Paul the octopus, who shot to fame during this year's football World Cup in South Africa for his flawless record in predicting game outcomes, has died, his aquarium in Germany said Tuesday.
"Management and staff at the Oberhausen Sea Life Centre were devastated to discover that oracle octopus Paul, who achieved global renown during the recent World Cup, had passed away overnight," the aquarium said in a sombre statement.
"Paul amazed the world by correctly predicting the winners of all Germany's World Cup clashes, and then of the final," said Sea Life manager Stefan Porwoll.
"His success made him almost a bigger story than the World Cup itself... We had all naturally grown very fond of him and he will be sorely missed," said Porwoll.
Paul beat the odds during the World Cup by correctly forecasting all eight games he was asked to predict, including Spain's 1-0 win over the Netherlands in the final.
For the prediction, two boxes were lowered into the salty soothsayer's tank, each containing a mussel and the flags of the two opposing teams.
Watched by a myriad of reporters, Paul would head to one box, wrench open the lid and gobble the tasty morsel, with the box he plumped for being deemed the likely winner.
His astonishing ability made him a global media phenomenon. His later predictions were carried live on rolling news channels in Germany.
But the art of football predicting became a dangerous job for the English-born clairvoyant.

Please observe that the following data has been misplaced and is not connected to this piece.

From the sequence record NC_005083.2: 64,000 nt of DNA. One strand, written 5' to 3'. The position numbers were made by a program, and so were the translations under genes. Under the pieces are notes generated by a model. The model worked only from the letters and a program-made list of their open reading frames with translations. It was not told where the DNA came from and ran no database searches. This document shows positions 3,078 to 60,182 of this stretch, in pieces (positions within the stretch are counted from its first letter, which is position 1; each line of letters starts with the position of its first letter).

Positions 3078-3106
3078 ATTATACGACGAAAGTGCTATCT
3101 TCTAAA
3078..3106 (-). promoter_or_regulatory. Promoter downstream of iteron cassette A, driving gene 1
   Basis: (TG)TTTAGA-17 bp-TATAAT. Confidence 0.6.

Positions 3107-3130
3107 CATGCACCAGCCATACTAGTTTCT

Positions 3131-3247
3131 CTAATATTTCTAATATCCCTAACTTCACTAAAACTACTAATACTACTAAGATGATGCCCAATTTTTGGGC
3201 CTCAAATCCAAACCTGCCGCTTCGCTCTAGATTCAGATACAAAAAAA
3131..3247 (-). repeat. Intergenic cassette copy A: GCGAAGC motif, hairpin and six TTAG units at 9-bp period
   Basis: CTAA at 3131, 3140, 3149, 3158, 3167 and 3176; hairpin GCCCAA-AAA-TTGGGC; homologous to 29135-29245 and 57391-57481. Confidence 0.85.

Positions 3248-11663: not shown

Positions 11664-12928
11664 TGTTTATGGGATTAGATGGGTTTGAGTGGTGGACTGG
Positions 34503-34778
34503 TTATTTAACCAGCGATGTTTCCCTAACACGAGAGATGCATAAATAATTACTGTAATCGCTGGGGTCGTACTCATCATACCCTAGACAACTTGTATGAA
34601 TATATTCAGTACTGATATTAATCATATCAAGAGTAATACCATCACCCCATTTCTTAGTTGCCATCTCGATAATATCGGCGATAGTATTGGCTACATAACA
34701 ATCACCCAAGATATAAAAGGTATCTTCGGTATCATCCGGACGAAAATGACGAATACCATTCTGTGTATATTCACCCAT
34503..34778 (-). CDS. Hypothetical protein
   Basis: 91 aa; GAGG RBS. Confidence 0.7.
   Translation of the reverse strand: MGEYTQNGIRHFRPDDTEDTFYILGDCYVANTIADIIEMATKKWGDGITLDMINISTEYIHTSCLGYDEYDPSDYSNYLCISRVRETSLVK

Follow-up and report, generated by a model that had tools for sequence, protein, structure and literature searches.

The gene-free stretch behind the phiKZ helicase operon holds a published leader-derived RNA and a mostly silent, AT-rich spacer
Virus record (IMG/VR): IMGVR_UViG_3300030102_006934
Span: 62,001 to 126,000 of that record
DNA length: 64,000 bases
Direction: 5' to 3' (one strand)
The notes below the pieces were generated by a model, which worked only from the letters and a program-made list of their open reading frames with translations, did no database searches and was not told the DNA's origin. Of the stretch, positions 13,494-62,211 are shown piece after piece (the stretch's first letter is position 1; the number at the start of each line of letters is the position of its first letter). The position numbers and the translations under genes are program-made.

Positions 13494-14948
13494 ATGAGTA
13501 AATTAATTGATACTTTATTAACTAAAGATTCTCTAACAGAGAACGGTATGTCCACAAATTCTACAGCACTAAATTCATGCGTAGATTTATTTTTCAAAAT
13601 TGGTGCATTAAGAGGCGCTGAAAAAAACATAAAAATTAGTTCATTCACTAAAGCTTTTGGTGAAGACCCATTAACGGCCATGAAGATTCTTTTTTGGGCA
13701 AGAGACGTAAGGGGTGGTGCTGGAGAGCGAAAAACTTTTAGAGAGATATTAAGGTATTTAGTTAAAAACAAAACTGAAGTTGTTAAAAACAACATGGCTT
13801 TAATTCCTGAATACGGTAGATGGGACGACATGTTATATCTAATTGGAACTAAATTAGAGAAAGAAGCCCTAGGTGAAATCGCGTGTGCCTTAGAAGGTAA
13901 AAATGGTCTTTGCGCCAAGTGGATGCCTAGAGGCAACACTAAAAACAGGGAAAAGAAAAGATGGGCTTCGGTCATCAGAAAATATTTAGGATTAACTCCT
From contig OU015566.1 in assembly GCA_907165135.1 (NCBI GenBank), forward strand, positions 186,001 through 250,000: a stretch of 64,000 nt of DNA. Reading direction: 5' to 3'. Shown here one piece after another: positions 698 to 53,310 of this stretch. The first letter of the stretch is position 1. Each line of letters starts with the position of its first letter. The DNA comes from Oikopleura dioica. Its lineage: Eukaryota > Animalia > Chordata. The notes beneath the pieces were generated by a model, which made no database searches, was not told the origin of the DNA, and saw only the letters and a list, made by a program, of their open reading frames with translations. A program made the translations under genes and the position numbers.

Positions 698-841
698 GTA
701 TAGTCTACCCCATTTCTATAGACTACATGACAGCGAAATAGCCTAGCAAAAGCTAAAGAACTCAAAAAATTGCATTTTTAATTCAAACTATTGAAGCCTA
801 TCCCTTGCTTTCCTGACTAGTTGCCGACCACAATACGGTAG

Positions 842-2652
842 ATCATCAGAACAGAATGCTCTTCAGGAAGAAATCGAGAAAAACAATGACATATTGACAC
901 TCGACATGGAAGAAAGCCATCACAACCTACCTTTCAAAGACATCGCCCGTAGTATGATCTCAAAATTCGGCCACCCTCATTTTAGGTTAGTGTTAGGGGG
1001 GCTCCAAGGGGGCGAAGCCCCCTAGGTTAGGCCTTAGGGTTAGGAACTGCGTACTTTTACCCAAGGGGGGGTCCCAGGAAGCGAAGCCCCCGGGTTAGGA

He was slammed in the British press for treason after tipping Germany to beat his "home country" which they duly did, 4-1.
He then fell offside with bitter German fans who threatened to turn him into sushi after he correctly predicted a semi-final defeat for the Mannschaft against Spain.
Stung by Paul's "treachery" at picking Spain over Germany in a semi-final, some sections of the 350,000-strong crowd watching the game on giant screens in Berlin sang anti-octopus songs.
The honour of Paul's mother was also called into question in the stands, and Paul's home aquarium received death-threat emails saying "we want Paul for the pan."
No less an authority than Spanish Prime Minister Jose Luiz Rodriguez Zapatero called for octopus bodyguards.
And Spanish Industry Minister Miguel Sebastian called for the creature to be given an "immediate" free transfer to Spain to "ensure his protection."
Paul's fans need not despair too much at his death. The aquarium has already been grooming a successor, to be named Paul like his mentor.
Paul's body is now in cold storage while the aquarium decides "how best to mark his passing."
"We may decide to give Paul his own small burial plot within our grounds and erect a modest permanent shrine," said Porwoll.
"While this may seem a curious thing to do for a sea creature, Paul achieved such popularity during his short life that it may be deemed the most appropriate course of action."